Social Class

SOCIAL CLASS

Introduction

The world of Pride and Prejudice is a socially narrow world. Austen only focuses on a few leisured families whose interractions with eachother is regulated by conventions such as the need for correct introductions.It is nescassary to understand these conventions in order to asess the significance of a characters actions. Characters are graded by the amount of money they posess and where it came from. 

  • Austen criticises judgements based on social class

Austen criticises the way that social status is used and to make assumptions about characters personalities and manners. Class prejudices mean some characters believe the worst of anyone from a lower social class. For example, Miss Bingely talks about Wickhams 'infamous' behaviour, as she says 'considering his descent, one could not expect much better'. This suggests that because Wickham's father was employed by Mr Darcy as a steward at Pemberely, he should be expected to be a heinous person. The word 'descent' suggests that in Miss Bingely's opinion, lineage is directly linked to a persons behavioural traits.

Similarly, wealth and social status impress some of the charcaters so much that they are willing to forgive rudeness. For example, Charlotte Lucas doesnt mind Darcy's proud manners, because 'with family, fortune, everything in his favour...he has a right to be proud'. This tells the reader that Darcy's rude manners are excusable because he is above them in the social hierachy and more wealthy than them. The use of a tricolon emphasises the fact that Charlotte strongly believes this. The phrase 'family, fortune' suggests that only money and descent is relevant when it comes to judging somebodys character. By stating Charlotte's view so straightforwardly and bluntly, Austen makes the reader question if…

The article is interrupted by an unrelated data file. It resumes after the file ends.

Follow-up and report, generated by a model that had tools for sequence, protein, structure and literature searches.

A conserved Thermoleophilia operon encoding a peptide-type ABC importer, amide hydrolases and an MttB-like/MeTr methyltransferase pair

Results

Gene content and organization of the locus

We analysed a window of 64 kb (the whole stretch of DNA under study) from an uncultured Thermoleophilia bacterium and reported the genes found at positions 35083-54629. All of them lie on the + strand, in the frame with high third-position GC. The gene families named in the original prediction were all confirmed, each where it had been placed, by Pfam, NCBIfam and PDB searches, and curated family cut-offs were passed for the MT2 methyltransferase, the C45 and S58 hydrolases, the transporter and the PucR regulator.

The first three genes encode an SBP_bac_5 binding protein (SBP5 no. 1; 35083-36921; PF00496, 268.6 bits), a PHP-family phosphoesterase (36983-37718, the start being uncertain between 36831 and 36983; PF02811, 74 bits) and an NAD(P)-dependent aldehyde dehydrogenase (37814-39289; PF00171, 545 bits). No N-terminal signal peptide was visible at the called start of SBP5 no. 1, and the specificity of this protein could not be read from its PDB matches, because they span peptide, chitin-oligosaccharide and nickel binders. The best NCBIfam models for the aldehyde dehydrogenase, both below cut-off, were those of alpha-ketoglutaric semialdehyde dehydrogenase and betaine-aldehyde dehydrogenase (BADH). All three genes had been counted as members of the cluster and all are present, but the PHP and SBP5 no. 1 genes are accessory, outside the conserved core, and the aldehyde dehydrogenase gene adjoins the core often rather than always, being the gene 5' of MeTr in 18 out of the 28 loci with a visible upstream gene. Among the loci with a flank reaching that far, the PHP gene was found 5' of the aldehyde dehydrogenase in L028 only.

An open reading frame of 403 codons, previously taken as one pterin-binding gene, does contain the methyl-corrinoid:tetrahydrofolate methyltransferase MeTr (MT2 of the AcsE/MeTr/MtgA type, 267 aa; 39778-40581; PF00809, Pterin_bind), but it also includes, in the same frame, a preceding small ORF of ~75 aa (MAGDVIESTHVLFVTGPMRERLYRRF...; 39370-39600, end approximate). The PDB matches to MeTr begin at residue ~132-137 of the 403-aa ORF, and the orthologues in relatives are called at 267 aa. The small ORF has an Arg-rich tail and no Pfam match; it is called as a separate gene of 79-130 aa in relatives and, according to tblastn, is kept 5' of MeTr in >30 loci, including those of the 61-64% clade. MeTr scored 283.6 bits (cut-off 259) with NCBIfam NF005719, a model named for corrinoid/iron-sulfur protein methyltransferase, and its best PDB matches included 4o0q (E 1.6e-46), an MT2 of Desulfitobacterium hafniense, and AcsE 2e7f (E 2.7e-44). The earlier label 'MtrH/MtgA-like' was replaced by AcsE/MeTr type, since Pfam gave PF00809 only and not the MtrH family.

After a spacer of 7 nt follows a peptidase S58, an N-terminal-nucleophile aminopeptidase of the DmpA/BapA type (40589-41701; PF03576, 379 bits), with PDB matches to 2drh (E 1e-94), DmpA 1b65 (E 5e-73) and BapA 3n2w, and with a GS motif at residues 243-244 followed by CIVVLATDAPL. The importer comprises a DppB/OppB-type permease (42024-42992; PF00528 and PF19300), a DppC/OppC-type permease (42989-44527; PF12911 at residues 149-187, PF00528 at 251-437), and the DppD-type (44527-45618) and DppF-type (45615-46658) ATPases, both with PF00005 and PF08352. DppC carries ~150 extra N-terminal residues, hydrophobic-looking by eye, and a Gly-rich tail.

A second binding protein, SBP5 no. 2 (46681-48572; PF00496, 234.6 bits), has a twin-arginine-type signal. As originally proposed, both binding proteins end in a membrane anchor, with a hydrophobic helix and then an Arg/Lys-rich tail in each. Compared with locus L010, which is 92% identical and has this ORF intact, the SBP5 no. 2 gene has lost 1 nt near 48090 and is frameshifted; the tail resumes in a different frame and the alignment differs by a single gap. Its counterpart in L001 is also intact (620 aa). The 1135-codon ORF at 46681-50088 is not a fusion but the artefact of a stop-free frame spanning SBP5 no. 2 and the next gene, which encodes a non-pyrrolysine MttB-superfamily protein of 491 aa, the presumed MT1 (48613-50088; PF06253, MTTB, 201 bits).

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Social Class

SOCIAL CLASS

Introduction

The world of Pride and Prejudice is a socially narrow world. Austen only focuses on a few leisured families whose interractions with eachother is regulated by conventions such as the need for correct introductions.It is nescassary to understand these conventions in order to asess the significance of a characters actions. Characters are graded by the amount of money they posess and where it came from. 

  • Austen criticises judgements based on social class

Austen criticises the way that social status is used and to make assumptions about characters personalities and manners. Class prejudices mean some characters believe the worst of anyone from a lower social class. For example, Miss Bingely talks about Wickhams 'infamous' behaviour, as she says 'considering his descent, one could not expect much better'. This suggests that because Wickham's father was employed by Mr Darcy as a steward at Pemberely, he should be expected to be a heinous person. The word 'descent' suggests that in Miss Bingely's opinion, lineage is directly linked to a persons behavioural traits.

Similarly, wealth and social status impress some of the charcaters so much that they are willing to forgive rudeness. For example, Charlotte Lucas doesnt mind Darcy's proud manners, because 'with family, fortune, everything in his favour...he has a right to be proud'. This tells the reader that Darcy's rude manners are excusable because he is above them in the social hierachy and more wealthy than them. The use of a tricolon emphasises the fact that Charlotte strongly believes this. The phrase 'family, fortune' suggests that only money and descent is relevant when it comes to judging somebodys character. By stating Charlotte's view so straightforwardly and bluntly, Austen makes the reader question if…

Comments

No comments have yet been made